Demography and irreligion

by John Q on July 30, 2015

A few months ago, I was a bit surprised to read a report put out by the Pew Research Center predicting that the proportion of the world population without a religious affiliation would decline sharply by 2050. The basic argument sounds plausible: an increase in the unaffiliated proportion of the population within countries will be more than offset by faster population growth in countries with higher rates of affiliation. The main points are presented in a peer-reviewed article in the journal Demographic Research, which suggests the analysis should be solid.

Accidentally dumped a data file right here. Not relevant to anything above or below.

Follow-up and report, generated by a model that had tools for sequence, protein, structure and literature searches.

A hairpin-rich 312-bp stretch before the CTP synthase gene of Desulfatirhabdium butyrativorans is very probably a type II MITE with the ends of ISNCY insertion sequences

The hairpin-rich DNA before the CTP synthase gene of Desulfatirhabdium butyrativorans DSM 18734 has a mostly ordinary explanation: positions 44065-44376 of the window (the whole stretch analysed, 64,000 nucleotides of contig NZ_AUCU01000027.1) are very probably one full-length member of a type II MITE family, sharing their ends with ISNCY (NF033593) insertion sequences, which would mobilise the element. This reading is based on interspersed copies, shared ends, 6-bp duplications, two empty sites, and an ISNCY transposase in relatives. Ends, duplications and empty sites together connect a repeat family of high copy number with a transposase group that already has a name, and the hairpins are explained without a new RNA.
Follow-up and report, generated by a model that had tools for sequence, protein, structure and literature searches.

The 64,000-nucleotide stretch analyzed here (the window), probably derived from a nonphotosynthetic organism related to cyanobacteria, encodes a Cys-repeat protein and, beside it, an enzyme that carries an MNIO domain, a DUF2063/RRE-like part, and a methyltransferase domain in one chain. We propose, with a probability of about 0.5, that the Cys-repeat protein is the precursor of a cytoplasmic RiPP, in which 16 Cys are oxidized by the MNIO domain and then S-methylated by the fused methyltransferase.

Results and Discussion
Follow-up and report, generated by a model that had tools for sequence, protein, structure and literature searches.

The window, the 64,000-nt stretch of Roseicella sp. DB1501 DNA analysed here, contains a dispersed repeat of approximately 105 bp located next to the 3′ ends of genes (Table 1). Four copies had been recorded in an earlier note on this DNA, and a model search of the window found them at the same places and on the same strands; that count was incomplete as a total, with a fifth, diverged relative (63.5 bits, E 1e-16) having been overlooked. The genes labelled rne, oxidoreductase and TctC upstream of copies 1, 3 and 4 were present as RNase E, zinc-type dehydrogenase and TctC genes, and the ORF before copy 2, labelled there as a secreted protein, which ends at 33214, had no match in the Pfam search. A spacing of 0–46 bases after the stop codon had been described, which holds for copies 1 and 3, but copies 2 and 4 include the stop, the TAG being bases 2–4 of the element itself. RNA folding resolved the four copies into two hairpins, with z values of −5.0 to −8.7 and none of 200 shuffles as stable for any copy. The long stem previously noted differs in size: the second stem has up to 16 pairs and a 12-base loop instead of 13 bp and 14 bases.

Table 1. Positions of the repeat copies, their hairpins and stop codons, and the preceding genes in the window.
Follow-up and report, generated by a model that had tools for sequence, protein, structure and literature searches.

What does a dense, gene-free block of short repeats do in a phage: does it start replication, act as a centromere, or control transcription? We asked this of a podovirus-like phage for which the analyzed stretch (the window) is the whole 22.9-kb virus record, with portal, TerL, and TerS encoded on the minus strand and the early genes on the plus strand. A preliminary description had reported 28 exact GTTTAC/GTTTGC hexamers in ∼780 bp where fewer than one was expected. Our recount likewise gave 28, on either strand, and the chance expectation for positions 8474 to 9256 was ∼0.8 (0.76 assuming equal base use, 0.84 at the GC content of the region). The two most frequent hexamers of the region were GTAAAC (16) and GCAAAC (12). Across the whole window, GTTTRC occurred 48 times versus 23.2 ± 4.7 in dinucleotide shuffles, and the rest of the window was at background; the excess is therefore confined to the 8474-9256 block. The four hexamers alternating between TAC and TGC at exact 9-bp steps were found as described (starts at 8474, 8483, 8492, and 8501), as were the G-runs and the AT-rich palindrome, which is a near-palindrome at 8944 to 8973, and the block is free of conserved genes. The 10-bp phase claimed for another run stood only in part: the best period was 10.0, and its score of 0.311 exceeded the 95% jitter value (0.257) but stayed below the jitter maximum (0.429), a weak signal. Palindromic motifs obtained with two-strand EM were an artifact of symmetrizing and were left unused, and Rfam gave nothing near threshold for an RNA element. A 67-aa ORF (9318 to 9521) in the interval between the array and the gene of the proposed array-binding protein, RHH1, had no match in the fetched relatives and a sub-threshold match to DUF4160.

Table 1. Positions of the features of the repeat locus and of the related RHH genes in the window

Still, I thought I would dig a bit, and found a longer version of the report here, including the projection that Christians would decline from 78.3 per cent of the US population in 2010 to 66.4 per cent in 2050. That seemed like a very slow rate of change, so I did some amateur demography of my own. I found another Pew report, released almost at the same time, which focused on the beliefs of Millennials (those born from 1981 onwards). This report showed that less than 60 per cent of Millennials currently report a Christian religious affiliation, compared to around 70 per cent of X-ers (born 1965 onwards) and much higher levels for older cohorts.
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